Not sure where you’re going? Fight uncertainty and ambiguity with a solid plan

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After a year like no other, helping investors see the potential surprises that may be lurking in their wealth plan has never been more important.    

The winds of uncertainty, after all, are fierce. We’re in the midst of a mass vaccine distribution rollout, but COVID-19 continues to weigh on the economy and jobs; and while interest rates and inflation have been at historic lows, they are ticking up. Add to all of that the likelihood that we will see significant tax and social reform under a new administration in the White House, and you have the perfect recipe for financial ambiguity. 

This confluence of events has many people rethinking their priorities for the future and making changes to their financial behavior — justifiably so. What many don’t realize, however, is how those personal changes, depending on what they are, and macro events can have huge implications on long-term goals. 

That’s why having a wealth plan and making sure you’ve reviewed it with your adviser in the context of the world today is vital. But where do you even begin? 

Start with a conversation about how the uncertainty of the past year has impacted your life and your family’s life along with a discussion about how it has or has not changed your plans for the future. For many baby boomers like me, the pandemic has been a dress rehearsal for how spending shifts in retirement. After a year without an in-the-office daily routine, I’ve spent significantly less on career clothing, gas, parking and lunch. That’s useful insight into how much my spending might shift once I’ve left the workforce and good fodder for a discussion about what I might do with those savings. 

Then consider shifts in personal goals. The pandemic tested our quality-of-life choices. Early retirement, career changes and relocations are increasingly in play. Many families, both young and more mature, are rethinking their housing situation — some eyeing cabins or second homes and others choosing to move out of small spaces in the city and into larger homes in the suburbs.    

Next, put all these changes and revised goals into context. This is where a financial adviser can be particularly helpful. A key part of a planner’s role is helping clients understand all of the inputs to their plan and the related volatility that goes along with it. Not just the capital market assumptions, but also inflation, interest rates and taxes. Many advisers use “what if” scenario planning to help illustrate the impact that small changes in one assumption, such as inflation, can have on their plan results.   

Especially this year, ample time should be spent on the capital market assumptions. As we mark the first anniversary of the bull market starting on March 23 — after the shock of the pandemic sent the S&P 500
SPX,
-0.08%
plummeting 30% in just 22 days — both the S&P 500 and Dow Jones Industrial Average
DJIA,
+0.36%
have advanced more than 75% to mark the best start to a new bull market ever. Clients who stayed invested have been rewarded with returns that arguably cannot be sustained over the long term. It’s critical that investors understand this.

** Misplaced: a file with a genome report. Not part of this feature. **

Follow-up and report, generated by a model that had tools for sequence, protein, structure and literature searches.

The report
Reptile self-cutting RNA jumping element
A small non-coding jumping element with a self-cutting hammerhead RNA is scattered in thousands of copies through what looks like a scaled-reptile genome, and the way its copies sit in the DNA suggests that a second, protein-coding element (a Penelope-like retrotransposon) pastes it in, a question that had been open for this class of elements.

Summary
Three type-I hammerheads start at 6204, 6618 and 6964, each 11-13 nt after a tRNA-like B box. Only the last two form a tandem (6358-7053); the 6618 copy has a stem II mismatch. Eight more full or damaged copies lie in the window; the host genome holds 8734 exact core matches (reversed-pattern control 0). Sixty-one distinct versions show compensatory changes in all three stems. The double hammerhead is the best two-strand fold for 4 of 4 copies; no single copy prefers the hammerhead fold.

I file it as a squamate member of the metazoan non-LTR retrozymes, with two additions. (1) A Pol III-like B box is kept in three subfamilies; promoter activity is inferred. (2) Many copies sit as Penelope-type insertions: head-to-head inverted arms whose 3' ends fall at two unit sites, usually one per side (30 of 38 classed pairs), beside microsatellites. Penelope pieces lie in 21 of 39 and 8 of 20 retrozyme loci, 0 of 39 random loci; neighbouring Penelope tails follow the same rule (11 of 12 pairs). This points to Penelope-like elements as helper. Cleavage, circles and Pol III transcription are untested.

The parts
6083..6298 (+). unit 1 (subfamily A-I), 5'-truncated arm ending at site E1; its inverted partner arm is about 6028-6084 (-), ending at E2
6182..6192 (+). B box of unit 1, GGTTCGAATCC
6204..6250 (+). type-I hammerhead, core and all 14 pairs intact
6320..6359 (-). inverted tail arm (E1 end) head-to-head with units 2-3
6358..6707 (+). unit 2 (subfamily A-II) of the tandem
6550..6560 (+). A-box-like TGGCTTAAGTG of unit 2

Taxes will also be top of mind for most families. The new administration is foreshadowing a number of potential tax changes, including a higher income tax bracket for the wealthiest, a higher long-term capital-gains rate, elimination of the step-up in basis at death and a lower estate tax exemption. While no concrete tax plan has been released, the general consensus is taxes are likely on their way up. 

For many, estate planning will have more urgency as well. The potential of a lower estate tax exemption coupled with the CARES Act 10-year drawdown change for inherited IRAs has many boomers contemplating how to best minimize their lifetime tax bill on their growing estates, especially those with large qualified portfolios. With the majority of the boomers beyond age 59 1/2, qualified assets are accessible without penalty, but taxes will be due. Discussing ways to convert assets at a lower tax rate for future income needs or reinvesting for growth at a preferred tax rate may make sense.  

Lastly, understanding how today’s environment impacts gifting and philanthropy is important. For instance, the low interest-rate environment makes interfamily loans and certain estate gifting strategies very attractive. With longer lifespans, sometimes it is more rewarding to gift to your children when they need it, instead of waiting until end-of-life when they will be in their peak earning years nearing their own retirement and may not need the money or the unwanted tax bill.            

While the uncertainty factor feels like it is at an all-time high — at the same time that the complexity and taxability of the average estate is increasing — there’s no better way to bring down financial anxiety than with a solid wealth plan. In fact, one might argue, there has never been a richer environment for planning conversations and for resetting needs, wants and wishes to better match the ambiguous reality of today.  

Angie O’Leary is head of Wealth Planning at RBC Wealth Management-U. S.

RBC Wealth Management, a division of RBC Capital Markets, LLC, Member NYSE/FINRA/SIPC. 

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